According to the official from the MoD, the budget continues to address the requirement for niche and advanced technology and weapons, fighter aircraft, ships, and military platforms. On the Perspective plan, the MoD has earmarked a capital budget for unmanned aerial vehicles, drones, specialist vehicles etc.

The capital budgetary allocation includes the modernisation of the existing Su-30 fleet and additional procurement of aircraft. This takes account of the planned acquisition of advanced engines for existing MiG-29, and acquisition of transport aircraft C295 and missile systems.

Significant allocations are made for key defence projects, such as aircraft and aero engines, naval fleet modernisation, border infrastructure development, and the Defence Research and Development Organisation (DRDO), indicating a focus on capability development and strategic needs.

Another key area that the government has taken into account is the acquisition of Deck-based fighter aircraft, Submarines, next-generation survey vessels and minesweepers for the Indian Navy. Overall, an outlay of 23,800 crore has been made for the naval fleet and 6,830 crore for the various ongoing projects of the naval dockyard. According to a senior MoD official, this will add to the ship-building sector with a planned investmentof 1.5 lakh crore in naval ship-building projects, aggregating the overall estimates of about 2.73 lakh crore.

Revenue Expenditure

In the interim budget, the allocation for the revenue expenditure (Other than Salary) meant for sustenance and operational commitment for FY 24-25 remains at 92,088 crore. As per the data, it is 48 per cent higher than the budgetary allocation of FY 2022-23. The revenue allocation primarily includes upgrading maintenance facilities and support systems to all platforms, including aircraft and ships. Besides, it also includes the procuring of ammunition, logistics, and movement of personnel for day-to-day expenditure of the Armed Forces.

In the interim budget, the government has continued its push for infrastructure, construction, manufacturing, and housing towards the need to improve Border Infrastructure for strategic requirements. Some of the strategic allocations are specially assigned for the projects such as the development of Nyoma Airfield in Ladakh at an altitude of 13,700 feet. Other major border infrastructure projects include the bridge connectivity in Andaman and Nicobar Island, the 4.1 km strategically important Shinku La tunnel in Himachal Pradesh and Nechiphu tunnel in Arunachal Pradesh among others.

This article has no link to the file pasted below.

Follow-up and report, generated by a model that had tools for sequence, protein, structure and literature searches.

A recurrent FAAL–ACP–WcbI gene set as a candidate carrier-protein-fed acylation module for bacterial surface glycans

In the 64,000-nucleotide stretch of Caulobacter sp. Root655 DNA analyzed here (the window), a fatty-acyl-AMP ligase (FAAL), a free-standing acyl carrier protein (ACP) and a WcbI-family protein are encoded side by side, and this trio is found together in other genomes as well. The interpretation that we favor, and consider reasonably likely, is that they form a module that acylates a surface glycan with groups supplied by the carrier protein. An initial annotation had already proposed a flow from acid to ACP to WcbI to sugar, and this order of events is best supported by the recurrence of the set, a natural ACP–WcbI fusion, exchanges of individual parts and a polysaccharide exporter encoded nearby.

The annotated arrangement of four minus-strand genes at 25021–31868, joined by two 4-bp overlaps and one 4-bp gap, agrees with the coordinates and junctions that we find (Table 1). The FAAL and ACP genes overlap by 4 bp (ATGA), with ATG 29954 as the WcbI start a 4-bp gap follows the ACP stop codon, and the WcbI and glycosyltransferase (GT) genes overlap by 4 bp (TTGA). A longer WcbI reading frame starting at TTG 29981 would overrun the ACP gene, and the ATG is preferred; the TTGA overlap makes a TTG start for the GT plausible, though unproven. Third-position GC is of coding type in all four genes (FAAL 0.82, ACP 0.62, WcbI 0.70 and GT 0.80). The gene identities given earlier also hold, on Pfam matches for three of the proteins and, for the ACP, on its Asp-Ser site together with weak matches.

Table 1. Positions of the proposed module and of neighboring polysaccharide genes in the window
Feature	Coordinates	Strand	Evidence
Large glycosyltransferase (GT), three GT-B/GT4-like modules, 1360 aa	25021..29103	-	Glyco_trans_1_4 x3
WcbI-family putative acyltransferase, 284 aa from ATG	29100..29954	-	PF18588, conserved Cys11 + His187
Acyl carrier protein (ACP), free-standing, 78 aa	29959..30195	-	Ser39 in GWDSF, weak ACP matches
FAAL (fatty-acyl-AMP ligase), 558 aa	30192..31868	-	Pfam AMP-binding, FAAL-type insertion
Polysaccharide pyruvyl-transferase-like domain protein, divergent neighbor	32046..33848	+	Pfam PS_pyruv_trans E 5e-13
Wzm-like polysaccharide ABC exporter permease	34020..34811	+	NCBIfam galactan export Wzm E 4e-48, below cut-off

Defence R&D

In the overall scheme of capability development and thrust on modernisation, the government has allocated 23,855 crore to the Defence Research and Development Organisation (DRDO). However, there is only a marginal increase in FY 2024-25 from 23,263.89 crore in FY 2023-24. Of this allocation, a major share of 13,208 crore is allocated for capital expenditure.

It aims to spur the policy thrust on building military-industrial ecosystem based on collaboration with public and private defence entities through the development-cum-production partner.

The budget also continues to build on the defence startups by allocating 60 crore to the Technology Development Fund (TDF) scheme for new start-ups, MSMEs and academia.

For the Indian Coast Guard, the government allocates 7,651.80 crore. There is a modest increase of 6.31 per cent higher than the allocation for FY 2023-24. Of this, 3,500 crore is to be incurred only on capital expenditure, to address the emerging challenges posed by water and provide humanitarian assistance to other nations. The allocation includes the acquisition of fast-moving patrolling vehicles, interceptors, advanced electronic surveillance systems and weapons.


The author is a defence editor and security expert. He writes on National Security, Military Technology, Strategic Affairs & Policies.